industry professionals aware of opportunities at AAAI.
Gil noted that formal collaborations
could be set up between AAAI and
individual companies to enhance their
experience at the conference. The
committee had three sets of recommendations: short-term, mid-term,
and long-term. Gil would like the
Council to focus on the short and mid-term recommendations for now.
In the short-term, the committee
recommends advertising (especially via
social media) the availability of AAAI
opportunities for industry, such as conference events, chapters, the job bank,
and senior member and fellows programs, and to develop industry memberships to create stable and continuous relationships with industry.
In the mid-term, the Council should
reimagine industry events at the conference, including more participation
from outside of AAAI for IAAI; more
panels, speakers, and events that
would appeal to industry; technical
matchmaking lunches for industry and
PhD students and faculty; and a collaboration fair with short pitch presentations.
Other suggestions included, but
were not limited to, holding another
“AI in Practice” event when the conference is held in a location conducive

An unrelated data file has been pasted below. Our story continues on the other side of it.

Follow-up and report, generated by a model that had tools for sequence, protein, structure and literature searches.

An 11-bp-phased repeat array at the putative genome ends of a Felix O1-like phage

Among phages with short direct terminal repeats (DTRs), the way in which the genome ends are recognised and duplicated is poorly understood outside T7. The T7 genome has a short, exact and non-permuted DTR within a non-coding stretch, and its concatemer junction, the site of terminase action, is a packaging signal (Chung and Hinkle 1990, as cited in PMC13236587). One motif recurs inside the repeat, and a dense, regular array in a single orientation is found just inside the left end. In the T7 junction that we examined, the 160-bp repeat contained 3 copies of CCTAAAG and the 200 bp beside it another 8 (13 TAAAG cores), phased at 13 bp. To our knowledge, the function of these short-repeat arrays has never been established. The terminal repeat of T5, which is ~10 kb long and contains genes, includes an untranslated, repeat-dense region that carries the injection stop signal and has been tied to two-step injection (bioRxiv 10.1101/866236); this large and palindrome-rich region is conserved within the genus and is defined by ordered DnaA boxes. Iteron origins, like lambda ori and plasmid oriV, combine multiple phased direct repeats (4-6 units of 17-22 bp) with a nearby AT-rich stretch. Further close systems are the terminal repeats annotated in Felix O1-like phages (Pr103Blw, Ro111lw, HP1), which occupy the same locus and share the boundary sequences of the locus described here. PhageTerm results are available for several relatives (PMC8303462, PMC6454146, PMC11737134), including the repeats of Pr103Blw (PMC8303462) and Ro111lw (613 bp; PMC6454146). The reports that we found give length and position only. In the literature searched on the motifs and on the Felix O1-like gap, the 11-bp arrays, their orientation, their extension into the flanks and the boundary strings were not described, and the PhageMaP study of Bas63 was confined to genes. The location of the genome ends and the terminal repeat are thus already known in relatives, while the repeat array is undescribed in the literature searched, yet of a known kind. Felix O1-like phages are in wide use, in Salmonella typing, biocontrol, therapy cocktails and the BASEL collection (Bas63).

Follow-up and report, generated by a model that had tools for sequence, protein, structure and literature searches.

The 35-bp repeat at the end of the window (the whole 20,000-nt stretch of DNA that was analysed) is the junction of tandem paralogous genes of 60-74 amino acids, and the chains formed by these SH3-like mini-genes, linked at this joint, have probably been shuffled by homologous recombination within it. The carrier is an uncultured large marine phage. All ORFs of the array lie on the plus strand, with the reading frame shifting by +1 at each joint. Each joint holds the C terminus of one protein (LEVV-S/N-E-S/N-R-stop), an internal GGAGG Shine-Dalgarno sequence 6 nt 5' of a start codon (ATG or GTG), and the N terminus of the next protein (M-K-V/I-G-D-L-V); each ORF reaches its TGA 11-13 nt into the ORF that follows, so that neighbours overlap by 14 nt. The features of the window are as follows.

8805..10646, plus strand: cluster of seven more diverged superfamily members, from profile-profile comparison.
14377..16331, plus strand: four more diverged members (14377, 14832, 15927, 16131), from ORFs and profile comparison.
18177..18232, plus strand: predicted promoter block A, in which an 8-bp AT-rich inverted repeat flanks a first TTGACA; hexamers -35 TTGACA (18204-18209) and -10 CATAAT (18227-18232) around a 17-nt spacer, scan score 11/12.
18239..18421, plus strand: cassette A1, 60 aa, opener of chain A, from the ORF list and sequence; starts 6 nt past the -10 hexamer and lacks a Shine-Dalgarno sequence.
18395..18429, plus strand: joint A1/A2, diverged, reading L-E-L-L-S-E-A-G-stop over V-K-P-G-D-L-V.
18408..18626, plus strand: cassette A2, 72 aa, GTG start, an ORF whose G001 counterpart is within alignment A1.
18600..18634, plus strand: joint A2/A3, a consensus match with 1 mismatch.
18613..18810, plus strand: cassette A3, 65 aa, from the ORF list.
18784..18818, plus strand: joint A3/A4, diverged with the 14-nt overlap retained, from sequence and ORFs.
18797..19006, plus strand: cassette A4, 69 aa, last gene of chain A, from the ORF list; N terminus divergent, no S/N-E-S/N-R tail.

to good participation; including industry features at all AAAI events, and
establishing an industry advisory
board for AAAI.
Gil suggested that a few key people
be recruited to promote these programs via social media. Karen Myers
(IAAI- 19 Conference Chair) is working
to implement some of the suggestions
related to IAAI as soon as 2019.
In the longer term, the committee
suggested hiring a staff member to
handle communications with industry, as well as to establish an industry-focused award, such as “Best Application” or Best AI Software,” for example.
Gil solicited feedback from the
Council, and Kambhampati expressed
his support for having the AI in Prac-
tice event in conjunction with the
Spring Symposium every year, and
encouraged the committee to consider
having it as early as 2019. He also was
enthusiastic about the idea of corpo-
rate memberships, and encouraged the
membership committee to consider
appropriate fees and benefits for this
type of ongoing affiliation status.
Freuder agreed to take this idea to
the membership committee for feedback for review at the September meeting. With regard to the best AI Application award, and perhaps at the AI in
Practice event, and he noted that a
similar award is being considered by
Peter Stone suggested that a pitch
competition, hosted by a Bay Area venture capitalist, would be a great addition to AI in Practice. He noted that a
committee could be formed to select a
few papers at the AAAI conference, and
encourage the authors to bring their
idea to the spring symposium with a
Gil reminded the Council to send
names of potential “tweeters.”
AAAI Code of Conduct
David Smith reported that the document drafted at the February meeting
was reviewed by the lawyer, who made
some edits to the document. He also prepared some overall comments, which
Smith reviewed with the Council.
Of particular note, the lawyer stated